By Alfredo Prieto
His songs are like the iron fist in the velvet glove, as they hammer your reality with humor. Frank Delgado – one of the most distinguished exponents of Cuban “post-trova” song – constructs an ideo-esthetic discourse unparalleled on the contemporary Cuban music scene.
He has been influenced by musical styles – a whole host of them – that are not necessarily “highbrow”; they are mainly those of the guarachero-picaresque tradition, which were initiated during the period of US colonization of the island and cultivated in the 20th century by figures such as Miguel Matamoros, Nico Saquito and Virulo.
Delgado’s lyrics speak of new developments in the heat of crisis and enter a universe made up of characters that he has been able to capture like few others. He songs pick up themes of emigrants (“Nostalgic Bolero’s of Artists Who Have Emigrated”), sex workers (“Ambassadors of Sex”), Spanish businessmen (“Fifth Century Galicians”), Afro-Cuban babalawo priests who charge for their services in cash (“Johnny the Babalao”) and the strategies of day-to-day life (“Living in my folks’ place”)…
Perhaps this is why his music is hardly ever broadcast – and why his concerts are attended mostly by young people who sing along with him in an almost indescribable interaction without attending one of them.
Here, I want to discus Frank Delgado mainly in terms of his viewpoint towards Miami, which is not an aberration, though his particular bent alludes to wider social phenomena.
“The Other Shore,” one of his most famous compositions, is set exactly in the center of the dynamic between Cubans on the Island and those in Miami. It takes a retrospective look at the first two decades of the revolution, where, because of the action of the excluding official policies and the forging heat of those difficult years.
-“I had to speak about them in a hushed voice,
-sometimes in a contemptuous tone.
-At school I was taught they were maggots,
-that they had abandoned their people.”
That changed after 1978, when a dialogue began with the “representatives of the Cuban community,” a fact that allowed – for the first time in more than twenty years – family visits, altered the perceptions of Miami (in a thousand ways) and access to its culture via people-to-people contact.
These larvae later became “butterflies” or members of “the community,” names that would again evolve into to simply “Cubans from Miami,” something that indicates a greater sense of identity and belonging, though hardly a change in the locus of that same group:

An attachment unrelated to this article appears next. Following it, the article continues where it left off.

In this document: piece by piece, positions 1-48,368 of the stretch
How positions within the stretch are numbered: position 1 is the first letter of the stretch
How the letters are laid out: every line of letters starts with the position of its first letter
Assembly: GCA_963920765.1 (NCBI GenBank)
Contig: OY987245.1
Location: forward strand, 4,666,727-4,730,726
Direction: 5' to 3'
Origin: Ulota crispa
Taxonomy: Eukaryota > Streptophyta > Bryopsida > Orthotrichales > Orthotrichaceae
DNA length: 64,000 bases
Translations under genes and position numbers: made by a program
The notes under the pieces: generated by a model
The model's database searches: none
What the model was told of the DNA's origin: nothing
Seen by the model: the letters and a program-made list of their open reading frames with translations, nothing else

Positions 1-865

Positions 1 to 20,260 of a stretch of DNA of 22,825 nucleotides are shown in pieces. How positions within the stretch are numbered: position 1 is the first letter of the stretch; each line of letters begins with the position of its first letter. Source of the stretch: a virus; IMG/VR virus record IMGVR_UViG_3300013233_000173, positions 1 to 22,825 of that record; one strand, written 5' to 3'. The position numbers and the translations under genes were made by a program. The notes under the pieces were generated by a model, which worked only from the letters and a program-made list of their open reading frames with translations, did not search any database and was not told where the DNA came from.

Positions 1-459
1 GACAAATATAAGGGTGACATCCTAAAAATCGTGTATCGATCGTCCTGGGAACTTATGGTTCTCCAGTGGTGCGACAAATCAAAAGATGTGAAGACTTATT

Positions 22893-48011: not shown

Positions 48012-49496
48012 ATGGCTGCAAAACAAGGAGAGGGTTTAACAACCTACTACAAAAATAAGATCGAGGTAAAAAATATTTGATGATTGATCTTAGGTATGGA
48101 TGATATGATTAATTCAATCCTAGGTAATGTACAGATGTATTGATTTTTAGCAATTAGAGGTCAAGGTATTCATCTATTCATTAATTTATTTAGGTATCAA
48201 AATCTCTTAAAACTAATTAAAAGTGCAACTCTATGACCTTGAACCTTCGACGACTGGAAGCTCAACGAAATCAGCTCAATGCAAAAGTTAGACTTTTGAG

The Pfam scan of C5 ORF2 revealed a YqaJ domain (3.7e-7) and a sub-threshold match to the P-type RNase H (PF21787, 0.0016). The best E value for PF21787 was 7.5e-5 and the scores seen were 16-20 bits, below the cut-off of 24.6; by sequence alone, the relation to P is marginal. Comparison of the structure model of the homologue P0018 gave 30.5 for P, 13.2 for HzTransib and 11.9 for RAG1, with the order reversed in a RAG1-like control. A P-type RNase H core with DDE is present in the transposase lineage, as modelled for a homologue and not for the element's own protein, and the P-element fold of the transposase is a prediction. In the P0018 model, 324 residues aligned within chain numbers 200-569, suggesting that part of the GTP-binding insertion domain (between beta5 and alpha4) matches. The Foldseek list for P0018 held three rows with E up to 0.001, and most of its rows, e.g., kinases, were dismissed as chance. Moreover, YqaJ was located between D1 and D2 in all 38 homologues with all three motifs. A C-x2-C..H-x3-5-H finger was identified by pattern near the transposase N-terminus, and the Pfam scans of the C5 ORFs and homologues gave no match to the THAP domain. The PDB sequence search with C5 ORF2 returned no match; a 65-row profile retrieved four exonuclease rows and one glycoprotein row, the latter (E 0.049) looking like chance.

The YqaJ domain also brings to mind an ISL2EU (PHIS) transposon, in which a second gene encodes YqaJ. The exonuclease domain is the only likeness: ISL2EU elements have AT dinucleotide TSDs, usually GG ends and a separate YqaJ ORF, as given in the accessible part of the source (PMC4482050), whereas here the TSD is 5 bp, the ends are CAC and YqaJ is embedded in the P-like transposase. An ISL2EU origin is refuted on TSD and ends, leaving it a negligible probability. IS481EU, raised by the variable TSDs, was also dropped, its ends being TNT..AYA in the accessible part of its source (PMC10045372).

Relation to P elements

-“One day my uncle returned from the other shore,
-filled with an affable spirit.
-They didn’t call him a maggot anymore,
-because he began to be a member of the community.”
Here he refers to those who left during the Mariel boatlift, a traumatic event for both sides, which he conceives as being “fateful” for each. In 1980, about 125,000 Cubans emigrated, like a stampede, to the United States. This troubadour relates it to the middle class wave of the 1960s (the opening of the port of Camarioca) and later with the signing of the 1994 immigration agreements, after the “balseros” rafter crisis that same year, and current illegal emigration:
-“The fateful year, 1980 finally arrived,
-and my family was shrinking.
-Like what happened years before at Camarioca,
-the port of Mariel was gobbling them up.
-“The flow continues to the other shore,
-aboard regular flights and balseros.
-I know they’ll return without amnesty,
-because we need their money (or their consolation, I don’t know).”
That work’s central characters were Benny More and Celia Cruz, icons of popular culture, blended into a same setting, going beyond the differences separated along a demarcation line.
Now this folk singer is taking it further: Delegado is committing the “heresy” of blending Celia Cruz (in many ways the symbol of the Cuban expatriate) with Silvio Rodriguez and Pablo Milanes, expressions of the new political song that emerged after 1959.
He does all of this taking a similar position of many other Cuban nationals: staying on this shore “on his own and at his own risk.”
It is a shame that Frank is hardly heard on Cuban airwaves. I believe his songs are worthwhile, especially if we want to continue looking at ourselves from within, and going further.